Furthermore, when comparing males versus females, the results demonstrate that the average female slows down similarly compared to the average male beginning at 50 years old [women = 2:36 (min:sec) per year, 95% CI: 2:16 to 2:56, n = 140; men = 2:57, 95% CI: 2:40 to 3:14, n = 150] (z = 1.60, Df = 286, p = 0.111).

Discussion

The first aim of this study was to determine the age group at which marathon performance declines in top male and female runners and to compare that to the runners of average ability. Based on data from three of the largest marathons in the U.S., it was determined that fastest runners are at their best between 25 and 34 years of age, and statistically slow down at 35 years of age. In this large dataset, the mean age for the overall champions of the three marathons for men was 27.3 to 29.4 years old, and for the women was 29.9 to 31.8 years old (95% bootstrapped CI). These confidence intervals fall within previous reports of peak performance of the marathon and confirm that elite women tend to achieve peak performance 1–2 years later than elite men [2325, 32, 33]. With regards to the male and female runners of average ability, performance declines were noticed beginning at 50 years old.

Another purpose of this of this study was to examine the age-related decline in marathon performance between age group winners and the average marathon finisher (the median running time in his/her age group). Age-group winning women runners slowed down at about 30 s per year faster rate compared to age group winning men runners in a linear fashion from 35 years of age to 74 years of age, while the average man and women finisher declines similarly (2 minutes and 47 s per year beginning at 50 years old up to 74 years old). This data is similar to Leyk et al. (2010) who demonstrated that when grouping all runners together (age group winners and all other runners), marathon times do not change until after 54 years old [15]. In fact, their first figure [15] is similar to Figs 5 and 6 of this paper. While the location did not matter for age-group winners, the Boston Marathon had faster median finishing times compared to NYC and Chicago because Boston has strict qualification standards. New York and Chicago marathons also have a guaranteed entry for those that meet a qualification time (based on age and sex), but most individuals that enter the Chicago or NYC marathons have entered into a random lottery draw, where no qualification time is needed. No random lottery draw exists for the Boston Marathon. Although city (or more appropriately, the qualifying standard) does influence the actual finishing time of the median finisher and therefore was appropriate to include in the model, its inclusion should not detract from the broader question regarding the influence of age and sex on declines in marathon performance.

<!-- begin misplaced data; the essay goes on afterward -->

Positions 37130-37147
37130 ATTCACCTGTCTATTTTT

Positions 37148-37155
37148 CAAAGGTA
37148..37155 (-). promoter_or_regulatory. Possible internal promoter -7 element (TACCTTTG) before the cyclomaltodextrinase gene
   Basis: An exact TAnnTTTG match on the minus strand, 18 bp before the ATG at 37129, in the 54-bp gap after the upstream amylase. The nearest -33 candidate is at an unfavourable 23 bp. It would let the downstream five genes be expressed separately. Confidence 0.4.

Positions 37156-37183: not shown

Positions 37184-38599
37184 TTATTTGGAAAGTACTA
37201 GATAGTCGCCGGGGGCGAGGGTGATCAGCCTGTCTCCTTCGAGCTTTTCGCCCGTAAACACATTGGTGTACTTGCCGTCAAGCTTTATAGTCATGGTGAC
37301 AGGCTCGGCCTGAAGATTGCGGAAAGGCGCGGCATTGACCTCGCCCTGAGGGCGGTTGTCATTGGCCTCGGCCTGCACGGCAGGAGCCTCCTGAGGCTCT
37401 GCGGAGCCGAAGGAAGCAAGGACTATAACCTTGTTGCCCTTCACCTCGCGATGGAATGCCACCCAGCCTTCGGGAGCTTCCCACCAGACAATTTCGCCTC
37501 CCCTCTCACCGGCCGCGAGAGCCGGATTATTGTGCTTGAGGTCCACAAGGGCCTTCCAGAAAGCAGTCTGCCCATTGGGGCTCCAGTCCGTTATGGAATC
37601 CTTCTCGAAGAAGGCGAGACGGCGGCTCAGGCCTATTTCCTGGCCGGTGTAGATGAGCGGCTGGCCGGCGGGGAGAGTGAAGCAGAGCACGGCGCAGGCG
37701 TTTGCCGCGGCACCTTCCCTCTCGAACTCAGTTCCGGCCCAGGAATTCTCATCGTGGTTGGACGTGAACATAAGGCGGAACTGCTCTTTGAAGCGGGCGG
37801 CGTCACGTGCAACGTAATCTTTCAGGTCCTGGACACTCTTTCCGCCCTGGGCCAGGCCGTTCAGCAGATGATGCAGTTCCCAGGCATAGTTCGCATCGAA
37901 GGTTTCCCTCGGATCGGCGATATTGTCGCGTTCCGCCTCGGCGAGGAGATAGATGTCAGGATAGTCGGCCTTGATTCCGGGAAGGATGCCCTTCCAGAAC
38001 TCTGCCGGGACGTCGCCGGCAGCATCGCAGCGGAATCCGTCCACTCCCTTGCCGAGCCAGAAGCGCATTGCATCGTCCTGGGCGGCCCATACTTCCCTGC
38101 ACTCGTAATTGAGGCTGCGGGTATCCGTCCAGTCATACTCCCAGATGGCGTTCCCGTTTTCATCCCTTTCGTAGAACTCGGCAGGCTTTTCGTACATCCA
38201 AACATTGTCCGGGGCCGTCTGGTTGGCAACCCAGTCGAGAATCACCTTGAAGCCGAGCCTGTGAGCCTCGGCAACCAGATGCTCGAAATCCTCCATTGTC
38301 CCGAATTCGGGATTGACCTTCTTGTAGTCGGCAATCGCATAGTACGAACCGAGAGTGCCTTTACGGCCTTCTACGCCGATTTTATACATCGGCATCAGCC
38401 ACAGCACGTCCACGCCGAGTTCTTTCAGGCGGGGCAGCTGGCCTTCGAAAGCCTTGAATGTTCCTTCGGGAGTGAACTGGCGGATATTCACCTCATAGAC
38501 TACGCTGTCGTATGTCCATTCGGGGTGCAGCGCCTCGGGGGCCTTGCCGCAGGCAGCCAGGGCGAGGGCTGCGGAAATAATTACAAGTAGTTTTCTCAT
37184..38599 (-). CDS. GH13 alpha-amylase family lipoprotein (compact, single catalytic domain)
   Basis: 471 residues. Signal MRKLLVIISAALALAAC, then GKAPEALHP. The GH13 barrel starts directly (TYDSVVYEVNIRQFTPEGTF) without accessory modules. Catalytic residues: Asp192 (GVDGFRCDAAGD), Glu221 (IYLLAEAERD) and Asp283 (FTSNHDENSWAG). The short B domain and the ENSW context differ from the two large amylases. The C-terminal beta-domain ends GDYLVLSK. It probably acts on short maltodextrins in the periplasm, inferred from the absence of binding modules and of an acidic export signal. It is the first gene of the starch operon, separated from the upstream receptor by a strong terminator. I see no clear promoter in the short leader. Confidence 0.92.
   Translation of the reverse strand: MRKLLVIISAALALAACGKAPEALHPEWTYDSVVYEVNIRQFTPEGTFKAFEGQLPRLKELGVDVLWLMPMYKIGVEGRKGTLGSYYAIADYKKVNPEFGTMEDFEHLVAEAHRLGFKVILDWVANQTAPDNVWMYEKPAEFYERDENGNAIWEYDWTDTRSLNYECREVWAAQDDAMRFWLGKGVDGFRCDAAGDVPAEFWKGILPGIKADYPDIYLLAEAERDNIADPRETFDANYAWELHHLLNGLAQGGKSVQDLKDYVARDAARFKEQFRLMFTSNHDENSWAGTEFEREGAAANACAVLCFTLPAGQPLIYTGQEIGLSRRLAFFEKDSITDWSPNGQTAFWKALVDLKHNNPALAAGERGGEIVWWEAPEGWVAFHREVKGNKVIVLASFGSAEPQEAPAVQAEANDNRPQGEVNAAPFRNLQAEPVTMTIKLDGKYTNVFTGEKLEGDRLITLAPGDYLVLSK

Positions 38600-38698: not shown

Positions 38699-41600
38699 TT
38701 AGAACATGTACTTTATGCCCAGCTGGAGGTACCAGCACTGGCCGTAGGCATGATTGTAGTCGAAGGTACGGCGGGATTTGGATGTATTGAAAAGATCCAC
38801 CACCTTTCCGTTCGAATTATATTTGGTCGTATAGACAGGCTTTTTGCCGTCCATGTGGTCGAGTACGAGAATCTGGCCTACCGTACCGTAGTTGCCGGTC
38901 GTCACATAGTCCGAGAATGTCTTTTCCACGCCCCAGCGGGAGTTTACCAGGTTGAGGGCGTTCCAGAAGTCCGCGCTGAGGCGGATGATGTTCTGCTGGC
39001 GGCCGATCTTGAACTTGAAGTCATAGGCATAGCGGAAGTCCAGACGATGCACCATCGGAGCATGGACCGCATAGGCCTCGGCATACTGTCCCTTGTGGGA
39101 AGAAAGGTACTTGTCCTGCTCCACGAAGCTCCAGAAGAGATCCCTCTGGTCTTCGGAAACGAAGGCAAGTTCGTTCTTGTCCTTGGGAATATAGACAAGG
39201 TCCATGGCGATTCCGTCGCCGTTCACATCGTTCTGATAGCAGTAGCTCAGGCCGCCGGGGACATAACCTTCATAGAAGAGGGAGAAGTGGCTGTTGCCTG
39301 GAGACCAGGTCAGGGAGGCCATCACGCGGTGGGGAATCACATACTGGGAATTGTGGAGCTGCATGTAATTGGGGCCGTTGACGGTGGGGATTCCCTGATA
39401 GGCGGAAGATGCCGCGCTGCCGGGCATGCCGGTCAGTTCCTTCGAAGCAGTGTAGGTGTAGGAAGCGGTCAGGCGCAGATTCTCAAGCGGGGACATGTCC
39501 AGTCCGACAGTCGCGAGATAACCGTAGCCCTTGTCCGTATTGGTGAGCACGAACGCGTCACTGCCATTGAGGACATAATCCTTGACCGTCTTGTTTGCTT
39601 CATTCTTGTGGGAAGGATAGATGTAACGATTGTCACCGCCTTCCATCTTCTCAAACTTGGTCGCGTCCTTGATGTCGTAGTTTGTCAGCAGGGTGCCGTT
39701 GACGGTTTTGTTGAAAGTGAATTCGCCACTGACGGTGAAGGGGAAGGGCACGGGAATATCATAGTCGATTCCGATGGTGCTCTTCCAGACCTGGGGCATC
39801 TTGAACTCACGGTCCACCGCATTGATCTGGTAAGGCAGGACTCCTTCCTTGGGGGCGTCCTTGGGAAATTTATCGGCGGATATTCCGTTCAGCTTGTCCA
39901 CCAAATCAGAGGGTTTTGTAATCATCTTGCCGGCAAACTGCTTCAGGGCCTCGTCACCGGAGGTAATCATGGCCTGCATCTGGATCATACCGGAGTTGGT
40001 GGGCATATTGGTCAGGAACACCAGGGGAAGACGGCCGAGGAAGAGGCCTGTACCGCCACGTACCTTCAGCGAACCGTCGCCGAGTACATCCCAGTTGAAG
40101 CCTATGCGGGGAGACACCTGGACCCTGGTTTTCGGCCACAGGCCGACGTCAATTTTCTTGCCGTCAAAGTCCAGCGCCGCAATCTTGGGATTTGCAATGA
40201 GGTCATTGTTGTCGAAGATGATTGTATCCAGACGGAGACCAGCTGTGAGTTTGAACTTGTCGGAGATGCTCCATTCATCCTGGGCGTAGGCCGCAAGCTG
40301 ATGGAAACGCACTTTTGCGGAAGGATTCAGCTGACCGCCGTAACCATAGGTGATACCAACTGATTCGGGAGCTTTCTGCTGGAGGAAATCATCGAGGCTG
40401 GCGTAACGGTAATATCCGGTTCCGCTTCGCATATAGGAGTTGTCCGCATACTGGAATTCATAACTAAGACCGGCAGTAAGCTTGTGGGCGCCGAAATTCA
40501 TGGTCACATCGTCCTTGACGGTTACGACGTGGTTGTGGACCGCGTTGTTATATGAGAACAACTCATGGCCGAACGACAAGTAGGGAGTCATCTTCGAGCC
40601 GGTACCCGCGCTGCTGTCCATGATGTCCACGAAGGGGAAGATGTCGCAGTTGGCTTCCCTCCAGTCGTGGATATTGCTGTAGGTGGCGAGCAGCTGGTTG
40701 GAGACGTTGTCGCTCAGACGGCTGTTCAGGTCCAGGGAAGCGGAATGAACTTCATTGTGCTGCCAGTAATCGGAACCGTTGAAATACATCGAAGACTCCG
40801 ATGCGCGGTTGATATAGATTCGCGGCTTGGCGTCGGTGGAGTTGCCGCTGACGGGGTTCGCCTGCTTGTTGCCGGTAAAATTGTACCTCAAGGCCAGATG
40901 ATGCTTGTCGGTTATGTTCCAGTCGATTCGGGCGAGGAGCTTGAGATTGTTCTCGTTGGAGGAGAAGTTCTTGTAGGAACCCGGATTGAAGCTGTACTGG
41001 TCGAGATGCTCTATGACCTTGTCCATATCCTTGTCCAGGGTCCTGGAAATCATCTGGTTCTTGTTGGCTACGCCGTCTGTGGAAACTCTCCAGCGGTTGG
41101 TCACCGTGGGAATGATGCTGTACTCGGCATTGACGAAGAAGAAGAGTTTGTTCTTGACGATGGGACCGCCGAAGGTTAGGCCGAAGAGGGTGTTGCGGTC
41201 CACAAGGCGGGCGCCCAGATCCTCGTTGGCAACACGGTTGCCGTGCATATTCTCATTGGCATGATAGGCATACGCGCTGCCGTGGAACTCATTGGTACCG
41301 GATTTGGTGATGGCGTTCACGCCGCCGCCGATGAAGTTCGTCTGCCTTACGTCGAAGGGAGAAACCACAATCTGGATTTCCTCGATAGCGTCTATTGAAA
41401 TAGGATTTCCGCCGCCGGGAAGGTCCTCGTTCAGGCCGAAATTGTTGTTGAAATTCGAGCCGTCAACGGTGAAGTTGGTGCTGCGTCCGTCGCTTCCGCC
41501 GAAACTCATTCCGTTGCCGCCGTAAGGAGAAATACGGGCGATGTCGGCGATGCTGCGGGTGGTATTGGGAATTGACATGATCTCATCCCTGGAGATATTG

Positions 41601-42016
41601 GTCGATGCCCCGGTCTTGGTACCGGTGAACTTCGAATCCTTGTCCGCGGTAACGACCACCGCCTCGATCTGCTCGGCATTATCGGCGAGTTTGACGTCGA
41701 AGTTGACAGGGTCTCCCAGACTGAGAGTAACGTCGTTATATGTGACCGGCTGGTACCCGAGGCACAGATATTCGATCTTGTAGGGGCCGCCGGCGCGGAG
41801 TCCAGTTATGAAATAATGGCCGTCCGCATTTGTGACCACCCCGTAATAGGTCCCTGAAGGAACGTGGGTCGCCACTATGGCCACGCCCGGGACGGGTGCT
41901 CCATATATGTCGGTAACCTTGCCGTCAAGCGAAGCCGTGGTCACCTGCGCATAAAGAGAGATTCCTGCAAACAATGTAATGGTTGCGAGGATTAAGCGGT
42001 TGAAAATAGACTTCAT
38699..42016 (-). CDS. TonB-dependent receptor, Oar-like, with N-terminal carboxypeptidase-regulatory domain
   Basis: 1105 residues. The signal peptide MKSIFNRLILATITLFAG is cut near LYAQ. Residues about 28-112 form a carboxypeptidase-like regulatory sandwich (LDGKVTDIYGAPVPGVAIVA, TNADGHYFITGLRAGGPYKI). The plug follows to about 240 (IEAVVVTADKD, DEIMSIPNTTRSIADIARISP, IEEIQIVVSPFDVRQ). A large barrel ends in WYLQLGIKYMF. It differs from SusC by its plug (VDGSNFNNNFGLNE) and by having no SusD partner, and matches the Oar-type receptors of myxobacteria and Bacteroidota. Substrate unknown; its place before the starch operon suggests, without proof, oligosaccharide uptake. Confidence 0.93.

This is the first study to concurrently examine more than a decade of age group winners and median finishers from multiple marathons. As such, the dataset obtained from these three marathons permitted the development of linear models superior to those within the existing literature. Indeed, this data is descriptive in nature. However, the analyses allow us to confirm a few interesting observations.